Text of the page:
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Catholic health care providers sue Obama, say they’re forced to offer gender reassignment

Catholic health care providers sue Obama, say they’re forced to offer gender reassignment

Image by Marc Nozell via Flickr

A diocese and a number of Catholic organizations is suing the Obama administration over ‘forcing’ Catholic hospitals to provide gender reassignment services.

The Catholic Benefits Association (CBA), together with the Catholic Diocese of Fargo and Catholic Charities North Dakota, filed a lawsuit on Wednesday (28 December), the Catholic News Service reports.

The suit was filed over a federal regulation published by the the Department of Health and Human Services.

It implements Section 1557 of the Affordable Care Act, also known as Obamacare, which states a person cannot be subject to discrimination based on their race, color, national origin, sex, age, or disability.

The organizations are now suing because the regulations redefines ‘sex’ to include sexual orientation and gender identity for anti-discrimination purposes, which they say forces them into providing care for trans people.

‘For decades, Congress and the courts have understood the term “sex” in federal law to mean biological sex – male and female,’ Archbishop William E Lori of Baltimore, chairman of the CBA, said in a statement.

‘By redefining “sex” to mean both “gender identity” and “termination of pregnancy,” the Obama administration is not only trying to sidestep Congress and impose radical new health care mandates on hospitals and employers, it is creating a moral problem for Catholic employers that must be addressed.’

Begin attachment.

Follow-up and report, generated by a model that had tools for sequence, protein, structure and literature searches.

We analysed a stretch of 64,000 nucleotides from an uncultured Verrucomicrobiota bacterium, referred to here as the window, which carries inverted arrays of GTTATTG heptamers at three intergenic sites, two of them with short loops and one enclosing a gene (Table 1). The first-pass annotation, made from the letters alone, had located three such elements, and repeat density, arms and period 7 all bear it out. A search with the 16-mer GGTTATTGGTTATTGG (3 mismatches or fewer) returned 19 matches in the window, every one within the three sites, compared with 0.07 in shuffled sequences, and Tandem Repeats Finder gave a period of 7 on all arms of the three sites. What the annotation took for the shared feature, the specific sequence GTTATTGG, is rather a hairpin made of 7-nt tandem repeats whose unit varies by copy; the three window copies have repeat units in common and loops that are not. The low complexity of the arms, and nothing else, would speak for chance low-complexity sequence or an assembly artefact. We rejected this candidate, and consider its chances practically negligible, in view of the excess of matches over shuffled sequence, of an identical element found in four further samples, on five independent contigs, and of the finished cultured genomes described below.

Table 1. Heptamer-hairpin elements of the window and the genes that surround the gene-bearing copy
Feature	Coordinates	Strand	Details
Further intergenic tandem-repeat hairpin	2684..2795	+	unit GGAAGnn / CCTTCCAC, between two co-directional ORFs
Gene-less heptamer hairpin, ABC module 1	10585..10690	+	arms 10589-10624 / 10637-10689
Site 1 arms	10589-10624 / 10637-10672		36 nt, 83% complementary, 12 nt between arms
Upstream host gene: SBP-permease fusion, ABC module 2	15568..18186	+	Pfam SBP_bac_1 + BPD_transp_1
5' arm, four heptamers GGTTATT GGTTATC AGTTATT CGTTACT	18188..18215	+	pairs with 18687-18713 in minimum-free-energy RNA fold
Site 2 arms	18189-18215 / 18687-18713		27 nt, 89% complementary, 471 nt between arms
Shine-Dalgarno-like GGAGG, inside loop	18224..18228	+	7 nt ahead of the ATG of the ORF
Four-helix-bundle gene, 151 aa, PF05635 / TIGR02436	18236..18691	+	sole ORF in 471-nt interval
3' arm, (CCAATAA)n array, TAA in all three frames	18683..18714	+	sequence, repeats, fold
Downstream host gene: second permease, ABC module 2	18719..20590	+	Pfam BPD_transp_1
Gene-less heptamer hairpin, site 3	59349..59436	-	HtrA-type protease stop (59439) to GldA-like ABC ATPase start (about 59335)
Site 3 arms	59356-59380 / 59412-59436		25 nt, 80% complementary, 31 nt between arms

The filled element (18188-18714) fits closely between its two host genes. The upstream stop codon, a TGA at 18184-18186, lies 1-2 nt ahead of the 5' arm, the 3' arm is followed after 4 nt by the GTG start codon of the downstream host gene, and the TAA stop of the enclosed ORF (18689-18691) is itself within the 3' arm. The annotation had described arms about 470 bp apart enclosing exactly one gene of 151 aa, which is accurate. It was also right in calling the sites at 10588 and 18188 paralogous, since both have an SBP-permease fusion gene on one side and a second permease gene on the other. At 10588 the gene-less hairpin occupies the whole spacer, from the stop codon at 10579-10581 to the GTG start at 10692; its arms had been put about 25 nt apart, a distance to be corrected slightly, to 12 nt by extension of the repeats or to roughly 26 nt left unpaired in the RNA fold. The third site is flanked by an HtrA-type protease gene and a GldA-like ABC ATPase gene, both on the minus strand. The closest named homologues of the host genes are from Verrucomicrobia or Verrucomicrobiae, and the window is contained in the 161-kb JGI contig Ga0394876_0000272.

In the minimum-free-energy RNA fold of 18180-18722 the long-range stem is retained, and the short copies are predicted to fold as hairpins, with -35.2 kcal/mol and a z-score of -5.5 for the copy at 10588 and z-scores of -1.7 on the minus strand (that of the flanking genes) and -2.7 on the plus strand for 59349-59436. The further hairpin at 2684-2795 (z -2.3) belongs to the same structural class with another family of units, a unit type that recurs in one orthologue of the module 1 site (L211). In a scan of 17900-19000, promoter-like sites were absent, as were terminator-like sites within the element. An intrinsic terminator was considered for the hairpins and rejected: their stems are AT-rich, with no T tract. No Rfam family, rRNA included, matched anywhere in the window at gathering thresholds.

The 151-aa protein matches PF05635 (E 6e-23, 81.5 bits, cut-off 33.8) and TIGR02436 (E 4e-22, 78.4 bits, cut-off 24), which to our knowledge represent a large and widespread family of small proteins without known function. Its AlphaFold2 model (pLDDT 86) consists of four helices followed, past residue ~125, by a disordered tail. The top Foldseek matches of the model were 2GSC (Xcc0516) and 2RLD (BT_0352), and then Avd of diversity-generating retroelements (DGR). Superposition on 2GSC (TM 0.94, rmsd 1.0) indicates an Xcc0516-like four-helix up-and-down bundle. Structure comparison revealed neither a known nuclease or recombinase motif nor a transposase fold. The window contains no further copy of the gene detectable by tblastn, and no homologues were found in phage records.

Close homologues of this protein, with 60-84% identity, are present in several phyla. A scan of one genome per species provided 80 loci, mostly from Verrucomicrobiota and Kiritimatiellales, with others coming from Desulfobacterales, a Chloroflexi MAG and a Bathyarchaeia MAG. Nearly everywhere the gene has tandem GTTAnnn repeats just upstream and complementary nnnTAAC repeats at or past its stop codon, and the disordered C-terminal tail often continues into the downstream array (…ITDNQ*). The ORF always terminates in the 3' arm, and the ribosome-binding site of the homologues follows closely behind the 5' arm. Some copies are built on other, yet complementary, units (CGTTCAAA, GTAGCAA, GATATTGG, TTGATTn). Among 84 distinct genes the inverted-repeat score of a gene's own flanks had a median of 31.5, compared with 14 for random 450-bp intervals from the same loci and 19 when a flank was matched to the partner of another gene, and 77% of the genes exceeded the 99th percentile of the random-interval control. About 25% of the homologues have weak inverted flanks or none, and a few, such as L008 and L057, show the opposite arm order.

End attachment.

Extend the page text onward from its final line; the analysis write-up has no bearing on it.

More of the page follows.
Coming into effect on 1 January, the regulation will require Catholic health care providers to offer gender transition services, hormone therapy, counseling, and gender reassignment surgery.

Speaking to Catholic news website Crux Martin Nussbaum, general counsel for the association called it an ‘extreme rule’.

He said it was ‘contrary to Catholic doctrine and values’ and ‘creates the problem for Catholic organizations’.

The CBA is made up, amongst others, of dioceses and hospitals, ‘and other entities that offer their employees insurance and benefit programs that adhere to Catholic teaching’.

Under the new regulation, group health plans will be required to cover the costs of trans people’s medical treatment.

And there is no religious exemption.

Now, the suing organizations argue the new regulation, which also requires them to offer abortions, is in violation of the religious freedom protections of the First Amendment.

‘We ask only for the freedom to serve consistent with our conscience and our Catholic faith,’ Bishop John T Folda of Fargo said in a statement.

‘While we do not discriminate against individuals because of their orientation, our Catholic values will not permit us to pay for or facilitate actions that are contrary to our faith.’

It’s not the first lawsuit against the regulation: in August, the states of Texas, Wisconsin, Nebraska, Kansas and Kentucky, as well as a group of Catholic healthcare providers, launches a federal lawsuit on the same matter.

At the time, they argued the new regulation would ‘force doctors to perform gender transition procedures on children’.

Addressing their claims was Jillian Weiss, director of the Transgender Legal Defense and Education Fund (TLDEF), who called it ‘a rule to establish parity’ and accused the plaintiffs of scaremongering.

The change could not force doctors to provide transition services they didn’t deem medically necessary.

What the rule prevents instead is general discrimination against trans people – for example basic medical treatments, or placing a trans woman with a male roommate in gender-segregated hospital rooms.

‘The only thing a doctor is obliged to do is treat all patients, including trans patients, with dignity and respect and to make treatment decisions free from bias,’ said Ezra Young, staff attorney for the TLDEF, in a statement.

‘If a doctor has a sound, evidence-based, medical reason to delay transition care for a specific patient, that would be respected under the regulations.’